Three Evergreen Tips On Saving Money

Piggy BankThe following has been contributed by a reader.

Who doesn’t like to save money? Unless you are a multimillionaire or a billionaire, chances are that you could use some money saving tips. So here are three evergreen tips on saving money.


The first step in making a budget is to know how much you spend. So, for a month, record every expense, however trivial – the newspaper, the snacks, the bills etc. Once you have the data, then organize the expenses into different categories such as the mortgage, gas and groceries. Then total each category.

After recording your expenses, you can now go ahead and create a budget to limit overspending and cut back on unnecessary expenditures. Remember to include expenses that occur regularly though not monthly, for example, car maintenance. From here you can set a percentage of your income that will go to savings. Financial wisdom demands that you save at least 15% of your monthly income. You can save more if you wish and are prudent.

Set Saving Goals

Having saving goals not only makes it easier to save but also motivates you to save more. Determine how long it will take to attain a set saving goal. You can categorize your saving goals into short-term goals (which usually range from a year to three years) and long-term goals, which take any amount of time above three years to achieve. Short-term goals may include, but are not limited to: saving to buy a car, starting an emergency fund that will cover between six months to one year of living expenses just in case you are laid off and saving for a vacation. Long-term saving goals, on the other hand, may include: saving for retirement, saving to buy a house, saving for children’s college fees or saving for a major business investment.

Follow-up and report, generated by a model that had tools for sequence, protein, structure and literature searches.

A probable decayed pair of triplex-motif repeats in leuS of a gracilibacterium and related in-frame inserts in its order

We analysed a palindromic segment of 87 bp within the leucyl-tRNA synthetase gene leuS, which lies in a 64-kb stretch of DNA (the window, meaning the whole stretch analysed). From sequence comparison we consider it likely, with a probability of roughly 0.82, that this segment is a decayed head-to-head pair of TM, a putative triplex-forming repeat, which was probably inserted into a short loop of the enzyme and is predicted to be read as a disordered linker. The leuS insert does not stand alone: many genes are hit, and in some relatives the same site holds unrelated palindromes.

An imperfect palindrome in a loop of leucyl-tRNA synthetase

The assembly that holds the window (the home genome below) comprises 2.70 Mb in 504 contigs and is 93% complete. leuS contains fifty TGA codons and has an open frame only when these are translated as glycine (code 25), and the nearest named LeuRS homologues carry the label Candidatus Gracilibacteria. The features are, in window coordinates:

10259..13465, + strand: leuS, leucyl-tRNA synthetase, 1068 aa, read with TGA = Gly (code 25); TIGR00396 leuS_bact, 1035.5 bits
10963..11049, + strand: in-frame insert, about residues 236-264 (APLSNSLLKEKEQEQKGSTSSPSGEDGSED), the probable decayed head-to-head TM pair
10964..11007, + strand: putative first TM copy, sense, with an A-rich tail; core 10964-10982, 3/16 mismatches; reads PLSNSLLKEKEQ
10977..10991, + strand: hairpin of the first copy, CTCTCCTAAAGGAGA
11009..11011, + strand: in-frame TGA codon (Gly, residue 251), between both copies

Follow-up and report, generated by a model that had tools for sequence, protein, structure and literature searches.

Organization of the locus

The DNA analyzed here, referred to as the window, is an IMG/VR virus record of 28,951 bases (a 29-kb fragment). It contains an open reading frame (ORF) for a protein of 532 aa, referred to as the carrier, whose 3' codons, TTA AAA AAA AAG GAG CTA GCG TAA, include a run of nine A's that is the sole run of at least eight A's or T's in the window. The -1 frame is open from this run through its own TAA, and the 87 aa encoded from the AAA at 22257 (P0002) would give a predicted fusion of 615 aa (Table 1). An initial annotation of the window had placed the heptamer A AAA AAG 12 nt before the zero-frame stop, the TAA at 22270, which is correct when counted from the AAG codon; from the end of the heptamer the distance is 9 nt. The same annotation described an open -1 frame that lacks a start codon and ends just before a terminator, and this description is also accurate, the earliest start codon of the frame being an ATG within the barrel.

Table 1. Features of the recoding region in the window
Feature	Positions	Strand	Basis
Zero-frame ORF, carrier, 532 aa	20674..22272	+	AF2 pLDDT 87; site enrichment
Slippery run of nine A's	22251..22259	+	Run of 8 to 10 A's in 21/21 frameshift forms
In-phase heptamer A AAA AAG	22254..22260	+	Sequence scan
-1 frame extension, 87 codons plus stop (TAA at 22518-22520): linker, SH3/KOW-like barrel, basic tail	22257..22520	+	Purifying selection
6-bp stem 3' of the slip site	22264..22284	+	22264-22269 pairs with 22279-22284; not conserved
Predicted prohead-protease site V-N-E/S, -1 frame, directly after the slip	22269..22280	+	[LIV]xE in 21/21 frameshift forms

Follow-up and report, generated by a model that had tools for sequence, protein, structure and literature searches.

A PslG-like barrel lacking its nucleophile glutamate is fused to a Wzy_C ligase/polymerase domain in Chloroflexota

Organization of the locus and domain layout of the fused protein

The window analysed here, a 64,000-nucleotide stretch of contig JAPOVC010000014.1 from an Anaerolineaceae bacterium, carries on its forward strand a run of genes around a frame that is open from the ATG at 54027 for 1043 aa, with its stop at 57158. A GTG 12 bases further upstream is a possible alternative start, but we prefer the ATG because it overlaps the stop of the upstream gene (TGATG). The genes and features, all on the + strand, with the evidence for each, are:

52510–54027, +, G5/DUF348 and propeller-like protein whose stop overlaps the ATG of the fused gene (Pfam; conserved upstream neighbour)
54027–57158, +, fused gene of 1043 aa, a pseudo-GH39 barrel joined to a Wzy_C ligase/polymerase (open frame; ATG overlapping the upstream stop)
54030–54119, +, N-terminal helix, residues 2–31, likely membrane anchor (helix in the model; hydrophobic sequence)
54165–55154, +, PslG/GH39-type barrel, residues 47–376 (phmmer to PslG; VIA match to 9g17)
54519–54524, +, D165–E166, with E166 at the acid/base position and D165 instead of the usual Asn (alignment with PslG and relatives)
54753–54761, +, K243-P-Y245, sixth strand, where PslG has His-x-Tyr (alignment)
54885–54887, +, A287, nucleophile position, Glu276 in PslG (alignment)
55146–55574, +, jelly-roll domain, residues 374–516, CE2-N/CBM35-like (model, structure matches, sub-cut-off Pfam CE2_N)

On saving goals, ensure you set priorities. Decide which saving goals are most important to you, how long you’d want to save for a particular goal and how much you are willing to put away per month in order to attain your goals. If your priority is saving for retirement, then other goals might enjoy less preference as you work to ensure you reach your retirement goals.

Depending on the nature of your savings objective, there are different savings and investment strategies suited for each. For example, if you are grappling with a short-term savings goal, you might prefer using a regular savings account because it is easily accessible or a certificate of deposit account, which locks your money for a certain time at a set interest rate. If it is a long-term goal, then you might consider using riskier investments such as mutual funds because they are commonly used to invest for long term.

Unfortunately, you should be prepared for some unforeseen emergencies that can distract you from reaching your financial goals. However, it is rare anyone prepares for the worst unforeseen emergencies, including divorce and bankruptcy.

Exercise Financial Fidelity

The primary reason for many financial problems is lack of financial discipline or the inability to delay gratification in the short term. So many people associate happiness with spending money to purchase wares they might not need. It is a somewhat a reflex action but you should practice on how to suppress your urges.

Financial fidelity requires you use your savings for the goal to which they were kept. For example, it is discouraging and imprudent to save for a car for three years then buy jewelry instead. It demoralizes you once you realize the blunder and you might not be as effective in saving again. Note that once you give in to a single impulsive indiscretion, then you open floodgates for more. Through and through, ensure you practice financial fidelity. Don’t spend what you don’t have as that is wont to increase your financial burden by accumulating debts.